It was an absolutely beautiful Sunday in London – the kind of day where you just want to stroll in the sun. The last thing I feel like doing on a hot day is spending time in the kitchen (but if someone could just make a fresh pitcher of lemonade and a platter of fried chicken appear in front of me, I could live with that.) So I was pretty excited to join some other great bloggers to review the new seasonal menu at The Brasserie.
First of all, I tend to be skeptical when hotels claim to be right at central London landmarks. One too many hotels and restaurants have claimed to be in “central London” or “in the West end” when it would barely be visible through a telescope! But when The Brasserie notes that it’s at Tower Bridge, it really is at Tower Bridge. This is the view from the door of the restaurant.
Head chef Kamaldeep Singh joined us to tell us a bit about his attempt to really showcase classic British flavours (such as the pea and mint risotto below, drawing on the classic British pea and mint combination) and to work on sustainability, sourcing food from even zero miles away (“zero miles in London?” one blogger asked, a bit confused before he told us of their plans to start a rooftop garden.) It’s an ambitious task in London, but the fresh flavours of the menu are clearly up to it.
I’m a lover of dairy – cheese and ice cream are definitely weaknesses of mine – and the new menu makes wonderful use of cheese – from manchego cheese complimenting the peppercorn cured beef carpaccio (my knife just slid through the tender beef and I felt that I could almost taste the smell of the spicy pepper on the tip of my tongue.) Myself, Beardy Fiance and most of the bloggers there opted for the pan-fillet of sea bass, which I found was unusual for a seafood dish in its side. While the fish was perfectly salted, what really set it apart was the buttery crushed potatoes and the salty sweet tang of the diver scallop accompaniment. The unusual attention to sides stood true for the rest of the meal and even Beardy Fiance, who is not normally a wine buff, thought the wines were neatly paired with the course – he finished his portion and took a sneaky bit of mine as well!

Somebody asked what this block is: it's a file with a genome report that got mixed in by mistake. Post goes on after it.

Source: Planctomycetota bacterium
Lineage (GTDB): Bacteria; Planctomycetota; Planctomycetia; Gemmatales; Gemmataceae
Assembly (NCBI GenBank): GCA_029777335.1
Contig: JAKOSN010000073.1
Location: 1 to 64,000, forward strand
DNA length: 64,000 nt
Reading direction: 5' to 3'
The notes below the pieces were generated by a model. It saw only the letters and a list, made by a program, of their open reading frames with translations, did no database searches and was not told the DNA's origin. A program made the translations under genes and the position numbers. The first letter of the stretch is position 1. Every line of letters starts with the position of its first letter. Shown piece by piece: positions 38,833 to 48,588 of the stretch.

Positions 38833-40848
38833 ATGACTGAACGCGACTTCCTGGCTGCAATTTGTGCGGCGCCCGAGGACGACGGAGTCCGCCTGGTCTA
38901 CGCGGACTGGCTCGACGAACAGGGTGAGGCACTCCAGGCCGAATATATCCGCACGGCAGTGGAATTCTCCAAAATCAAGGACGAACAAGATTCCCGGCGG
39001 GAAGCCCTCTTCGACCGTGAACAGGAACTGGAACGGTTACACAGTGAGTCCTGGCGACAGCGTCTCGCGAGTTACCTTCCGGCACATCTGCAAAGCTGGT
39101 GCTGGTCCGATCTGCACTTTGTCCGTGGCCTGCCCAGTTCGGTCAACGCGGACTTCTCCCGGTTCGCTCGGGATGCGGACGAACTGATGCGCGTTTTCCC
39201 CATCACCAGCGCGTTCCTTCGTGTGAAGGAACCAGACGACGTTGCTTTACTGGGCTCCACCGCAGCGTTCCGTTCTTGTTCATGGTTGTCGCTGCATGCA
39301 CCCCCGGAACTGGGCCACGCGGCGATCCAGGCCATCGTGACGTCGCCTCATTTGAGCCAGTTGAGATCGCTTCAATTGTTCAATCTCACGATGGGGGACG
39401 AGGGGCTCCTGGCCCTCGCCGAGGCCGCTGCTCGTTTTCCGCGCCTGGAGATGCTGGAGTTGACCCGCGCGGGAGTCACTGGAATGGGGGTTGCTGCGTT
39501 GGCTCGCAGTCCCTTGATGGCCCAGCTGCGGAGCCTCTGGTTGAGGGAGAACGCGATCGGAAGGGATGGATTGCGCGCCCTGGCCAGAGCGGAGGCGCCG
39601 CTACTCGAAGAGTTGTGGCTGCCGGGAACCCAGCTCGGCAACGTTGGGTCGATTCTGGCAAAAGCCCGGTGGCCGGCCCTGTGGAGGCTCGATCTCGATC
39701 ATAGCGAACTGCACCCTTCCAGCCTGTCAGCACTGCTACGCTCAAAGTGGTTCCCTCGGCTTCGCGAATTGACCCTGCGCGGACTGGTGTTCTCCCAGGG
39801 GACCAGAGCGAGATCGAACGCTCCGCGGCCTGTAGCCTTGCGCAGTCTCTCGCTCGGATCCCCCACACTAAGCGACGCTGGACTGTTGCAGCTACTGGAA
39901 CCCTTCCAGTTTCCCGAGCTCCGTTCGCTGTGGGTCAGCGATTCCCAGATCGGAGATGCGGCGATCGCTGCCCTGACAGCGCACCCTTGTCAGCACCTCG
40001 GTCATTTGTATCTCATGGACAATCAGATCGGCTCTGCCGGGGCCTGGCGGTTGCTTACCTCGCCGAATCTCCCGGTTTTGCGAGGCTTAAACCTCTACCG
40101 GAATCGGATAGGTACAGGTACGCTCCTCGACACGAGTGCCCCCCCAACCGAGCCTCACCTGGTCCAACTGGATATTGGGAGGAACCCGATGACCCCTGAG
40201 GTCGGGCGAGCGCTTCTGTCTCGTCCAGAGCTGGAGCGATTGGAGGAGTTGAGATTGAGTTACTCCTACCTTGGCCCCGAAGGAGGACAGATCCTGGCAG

But I have to admit, my favourite part of the menu was the beginning and the end: the fabulous wheat bread with the homemade flavoured butters – I could not stop eating the chive butter. It added a salty bite to the butter and if they had not discreetly taken away the bread bowl at the end of the course, I very well may have eaten it non-stop.
And finally, the dessert. Oh, the dessert. I don’t know how the Brasserie knew it, but pannacotta is one of my weaknesses. And white chocolate? My idea of heaven includes white chocolate non stop. This was accompanied by a scoop of pistachio ice cream and berry cheesecake (make room for cheesecake? I think I can just about manage…)
British cuisine is often unfairly disparaged and the Brasserie’s seasonal menu shows off basic British food: done simply, but well seasoned and cooked perfectly. There are other year-round staples on the menu as well (the international fare of burgers and steaks, as well as plenty of British classics like fish and chips and pie.) It’s a lovely place to visit to showcase London or for a fancy night out – and you can see we cleared our plates!
I was invited to review the summer tasting meal by The Brasserie, but all opinions are my own. You can check out my fellow bloggers: Kitchen Journeys, Simply Sensational Food, Recipes from a Pantry, Slice off Me, London Unattached
I’m still running my Muy Bueno giveaway, so check it out!